Comedy Drama

'Infinitely Polar Bear' Film Review: A funny, heartwarming and unconventional look at mental illness and family dysfunction

July 3, 2015Ben MK

In the Marvel Cinematic Universe, Zoe Saldana and Mark Ruffalo play a Guardian of the Galaxy and an Avenger, respectively; but in Infinitely Polar Bear, the quirky, semi-autobiographical debut feature from writer/director Maya Forbes, they're heroes of a more down-to-earth variety.

Set in 1978 Boston, Ruffalo and Saldana play Cam and Maggie Stuart, parents to two precocious and headstrong young daughters, Amelia (Imogene Wolodarsky) and Faith (Ashley Aufderheide), who are just trying to make ends meet. It's far from easy, however, because though he often means well, Cam's lifelong struggle with bipolar disorder (or "polar bear," as Faith calls it) has made it impossible for him to hold down a job, leaving Maggie with no other alternative but to take it upon herself to provide for their family.

When she's accepted into an 18-month MBA program at Columbia Univesrity in New York City, Maggie is faced with the predicament of what to do with Amelia and Faith. Unable to afford anything more than a small studio apartment for herself, she certainly can't take them with her; so she and Cam come to a reluctant agreement. Even though he's still recovering from a recent nervous breakdown, Cam will care for their two daughters for the next year and a half. Besides, his doctor thinks having a little routine in his life will do him good.

For the most part, the rest of the film follows Cam and his daughters' trials and tribulations as they try and survive life without mom, and with one another. At first, all three of them have a hard time coping; Cam is a manic wreck who can barely look after himself, let alone his children, while Faith and Amelia are often embarrassed by their dad and his behavior, especially his messy apartment and his penchant for engaging strangers in bouts of unwanted conversation. But as the seasons wear on, we see father and daughters slowly growing closer.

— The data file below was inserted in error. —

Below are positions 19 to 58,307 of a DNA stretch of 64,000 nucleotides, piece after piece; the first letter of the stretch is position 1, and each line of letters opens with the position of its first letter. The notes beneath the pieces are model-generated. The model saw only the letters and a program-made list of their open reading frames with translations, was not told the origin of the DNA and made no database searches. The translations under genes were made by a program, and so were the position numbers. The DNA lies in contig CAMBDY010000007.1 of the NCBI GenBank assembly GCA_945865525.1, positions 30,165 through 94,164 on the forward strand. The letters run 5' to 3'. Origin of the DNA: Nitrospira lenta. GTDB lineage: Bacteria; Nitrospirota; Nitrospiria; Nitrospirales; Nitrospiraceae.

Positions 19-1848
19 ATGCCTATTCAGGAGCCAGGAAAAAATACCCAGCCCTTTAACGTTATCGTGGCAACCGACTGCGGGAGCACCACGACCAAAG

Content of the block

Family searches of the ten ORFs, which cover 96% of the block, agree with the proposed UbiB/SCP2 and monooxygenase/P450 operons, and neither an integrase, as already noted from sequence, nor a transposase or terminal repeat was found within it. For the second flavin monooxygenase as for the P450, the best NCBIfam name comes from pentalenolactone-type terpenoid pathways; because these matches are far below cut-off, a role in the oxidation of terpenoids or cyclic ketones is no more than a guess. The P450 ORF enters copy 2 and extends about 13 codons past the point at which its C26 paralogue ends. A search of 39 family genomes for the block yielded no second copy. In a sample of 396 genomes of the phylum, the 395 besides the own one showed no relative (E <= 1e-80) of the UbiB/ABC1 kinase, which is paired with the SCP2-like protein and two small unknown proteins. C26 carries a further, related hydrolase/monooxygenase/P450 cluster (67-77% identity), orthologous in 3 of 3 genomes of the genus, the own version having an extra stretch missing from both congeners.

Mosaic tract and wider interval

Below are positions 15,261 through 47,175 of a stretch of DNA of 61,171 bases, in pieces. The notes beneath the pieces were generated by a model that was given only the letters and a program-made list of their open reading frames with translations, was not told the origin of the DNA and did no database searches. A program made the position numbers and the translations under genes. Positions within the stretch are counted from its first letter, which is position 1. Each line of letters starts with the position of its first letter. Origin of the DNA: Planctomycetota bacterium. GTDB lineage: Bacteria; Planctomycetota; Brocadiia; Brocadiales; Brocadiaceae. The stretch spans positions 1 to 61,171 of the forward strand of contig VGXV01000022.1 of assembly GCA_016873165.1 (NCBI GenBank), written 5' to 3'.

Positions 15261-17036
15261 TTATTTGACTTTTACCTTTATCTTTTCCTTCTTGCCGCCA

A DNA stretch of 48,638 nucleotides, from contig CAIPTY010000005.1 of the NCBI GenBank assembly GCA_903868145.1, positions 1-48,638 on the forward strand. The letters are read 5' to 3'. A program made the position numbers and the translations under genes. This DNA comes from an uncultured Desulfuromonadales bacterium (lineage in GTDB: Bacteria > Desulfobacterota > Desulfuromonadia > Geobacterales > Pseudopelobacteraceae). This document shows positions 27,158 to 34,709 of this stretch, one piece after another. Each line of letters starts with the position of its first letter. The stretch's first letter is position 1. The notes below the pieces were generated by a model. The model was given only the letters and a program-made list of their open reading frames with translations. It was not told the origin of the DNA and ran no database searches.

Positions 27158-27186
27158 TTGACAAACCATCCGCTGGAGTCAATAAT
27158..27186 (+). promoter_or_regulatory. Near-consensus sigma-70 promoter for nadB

The result is a film that deals with the serious topics of mental illness and family dysfunction, but it does so in a way that's neither depressing nor overly melodramatic. On the contrary, Forbes — drawing from the experiences of her own upbringing — approaches the subject matter from an affectionately whimsical perspective, infusing the narrative with lighthearted humor and a welcome sense of levity that, in turn, goes a long way in smoothing out the rougher edges of the story's darker emotional truths.

Her script also treats the characters of Cam and Maggie — who were molded after Forbes' own parents — with equal amounts of compassion, making it easy for audiences to empathize with both of them. Of course, it doesn't hurt that Ruffalo and Saldana are both excellent in their roles as well. Neither of them is "the bad guy" in the relationship, and the film benefits from the tender moments that arise out of the couple's sincere efforts to find their footing as husband and wife.

Ultimately though, the movie's strong suit is its depiction of the heartwarming bond that develops between Cam and his daughters: how he learns to overcome his disability and become a better dad in spite of himself; how they learn to appreciate him, warts and all; and how they all learn to love and take care of one another. It's poignant, uplifting, and, yes, perhaps in some ways it even oversimplifies the family's hardships. But then again, life's already complicated enough as it is.

Infinitely Polar Bear releases July 3rd, 2015 from Mongrel Media. The film has an MPAA rating of R for language. Its runtime is 1 Hr. 30 Mins.

* Reviewer's note: Portions of this film review were adapted from my TIFF review of the film, published on September 11th, 2014.

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